Original Article



  • Yiğit Erdağ
  • Tuna Pehlivanoğlu

Received Date: 13.08.2022 Accepted Date: 06.09.2022 J Turk Spinal Surg 2022;33(4):129-134


Sciatic scoliosis (SS) induced by lumbar disc herniation (LDH) is a great mimicked of adolescent idiopathic scoliosis (AIS). This study aimed to evaluate the clinical-radiographic presentation of SS in adolescents caused by LDH, while reporting on the average 3 years results of lumbar microdiscectomy in terms of radiographic and functional outcomes.

Materials and Methods:

Eighteen adolescent patients who presenting for evaluating SS with radiculopathy were enrolled. They had an average age/follow-up duration of 17.1 years/36.8 months. Lumbar microdiscectomy was applied to them. Radiographic measurements, including the analysis of curve pattern, major curve magnitude and coronal balance were undertaken.


A short lumbosacral curve combined with an opposite sided long thoracic and/or thoracolumbar curve was detected. 16/18 patients were detected to have LDH at the convex side of the lumbosacral curve. 14/18 were detected to have a trunk shift directed to the opposite side of the LDH. Average major curve magnitudes pre-op and at the last follow-up (FU) visit were 25.1°/4.2° respectively (p=0.001). Patients had an average pre-operative coronal imbalance of 4.1 cm reduced to 1.3 cm at the last FU (p=0.003). Average visual analogue scale leg-back and Oswestry Disability Index scores improved from 7.1-4.2 and 36.1% pre-operatively to 1.3-0.7 and 6.2% at the last FU (p<0.001). SF-36 scores were detected to be improved with high statistical significance at the last FU.


SS was associated with short lumbosacral curves accompanied by long thoracic and/or thoracolumbar curves, while the LDH was often located at the convex side. In adolescent cases, microdiscectomy could yield an immediate recovery of the radicular pain in addition to excellent functional outcomes, while successfully restoring the coronal balance in the long term follow-up.

Keywords: Scoliosis, lumbar disc herniation, lumbar microdiscectomy, trunk shift, non-structural curve, coronal imbalance, resolution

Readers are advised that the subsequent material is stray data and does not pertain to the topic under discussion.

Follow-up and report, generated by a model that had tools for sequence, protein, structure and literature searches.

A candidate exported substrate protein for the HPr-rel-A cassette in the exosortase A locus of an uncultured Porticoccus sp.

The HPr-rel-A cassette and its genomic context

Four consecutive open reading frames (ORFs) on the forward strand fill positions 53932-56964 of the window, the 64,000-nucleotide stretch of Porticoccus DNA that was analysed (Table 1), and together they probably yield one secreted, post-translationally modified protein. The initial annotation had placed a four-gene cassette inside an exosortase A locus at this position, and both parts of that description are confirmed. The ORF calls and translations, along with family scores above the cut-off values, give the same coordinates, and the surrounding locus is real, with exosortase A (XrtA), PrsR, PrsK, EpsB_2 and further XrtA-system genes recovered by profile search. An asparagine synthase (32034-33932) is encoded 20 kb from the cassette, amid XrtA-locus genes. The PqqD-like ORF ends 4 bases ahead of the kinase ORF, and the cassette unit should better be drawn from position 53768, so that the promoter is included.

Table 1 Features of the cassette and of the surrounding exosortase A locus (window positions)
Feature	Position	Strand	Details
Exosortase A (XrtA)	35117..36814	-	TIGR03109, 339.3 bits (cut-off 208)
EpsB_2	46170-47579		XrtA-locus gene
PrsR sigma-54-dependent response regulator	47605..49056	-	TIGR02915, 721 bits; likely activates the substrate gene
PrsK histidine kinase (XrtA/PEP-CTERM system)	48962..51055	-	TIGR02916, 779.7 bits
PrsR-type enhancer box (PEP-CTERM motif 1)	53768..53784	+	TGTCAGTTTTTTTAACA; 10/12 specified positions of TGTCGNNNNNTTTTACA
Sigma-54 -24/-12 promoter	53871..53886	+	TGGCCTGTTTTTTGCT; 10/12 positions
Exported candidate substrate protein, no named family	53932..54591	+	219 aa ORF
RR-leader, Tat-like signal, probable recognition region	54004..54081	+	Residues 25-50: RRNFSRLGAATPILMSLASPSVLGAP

Lumbar disc herniation (LDH) was reported to result in sciatic scoliosis (SS), which was defined as a non-structural curve secondary to nerve root compression(1-3). While the association between LDH and non-structural/SS was clearly defined, the pathophysiology and significance were not clarified(4-7). It was repeatedly reported, that the SS was a compensatory postural adjustment of the patient to relieve the nerve irritation(1,3,8). Hence, in conjunction with the non-structural nature of the SS, an improvement of the deformity and trunk list was expected if the pain generating pathology -the herniated disc- was removed(3,7). Lumbar (open/endo-/micro) discectomy was advised as the ideal treatment option for LDH associated with SS in adolescents, while improvement of the non-structural curve as a result of discectomy was reported as well(1,6,9). LDH was seldomly reported in adolescents with the incidence up to 5% with genetic predisposition and trauma being reported as the predisposing factors(10-12). SS caused by LDH in adolescent patients, could easly be mistaken for adolescent idiopathic scoliosis (AIS) which rarely causes pain resulting in the delay of the definitive treatment and increasing the risk for residual deformity and pain(3,8,13). Besides, unlike the adults, scoliotic list could be the initial symptom of LDH in adolescents, because of the superior adaptive capacity of pediatric spine to protect the neural structures by performing lateral flexion(2,6,8). The aim of the present study to evaluate the clinical and radiographic presentation of SS in adolescents caused by LDH, while reporting on the average 5 years results of microdiscectomy in terms of the coronal balance and functional outcomes. It was questioned, whether the SS was associated with a certain type of curve and certain side of the herniated disc related to that curve.


After obtaining Institutional Review Board of EMSEY Hospital (approval date: 02/02/2021, approval no: 1121077) approval, a retrospective analysis was undertaken to detect a consecutive group of patients with SS and LDH operated in a single institution between 2018 and 2020 with lumbar microdiscectomy technique. One hundred fifty four consecutive patients were detected. Patients were enrolled in the present study on the basis of the following inclusion criteria: (1) Being adolescent (age 10-18); (2) having a magnetic resonance imaging (MRI) confirmed diagnosis of LDH; (3) having been operated with lumbar microdiscectomy technique, (4) having a documented negative Adam’s forward bending test (indicating a non-structural curve); (5) having a minimum follow-up (FU) period of 2 years; (6) being willing to participate in the study Table 1. Exclusion criteria comprised: (1) Being adult (age >18); (2) having no pre-operative MRI in the picture archive and communication system (PACS); (3) having been operated with open lumbar discectomy technique, (4) having a history of spinal infection-tumor; (5) having a concomitant diagnosis of AIS or positive Adam’s forward bending test Table 1. As a result of the exclusion criteria 136 patients were excluded from the study (127: adults; 4: having a concomitant diagnosis of AIS-positive Adam’s forward bending test; 2: has an history of spinal tumor, 2: has an history of spinal infection; 1: no MRI in PACS system) Table 2.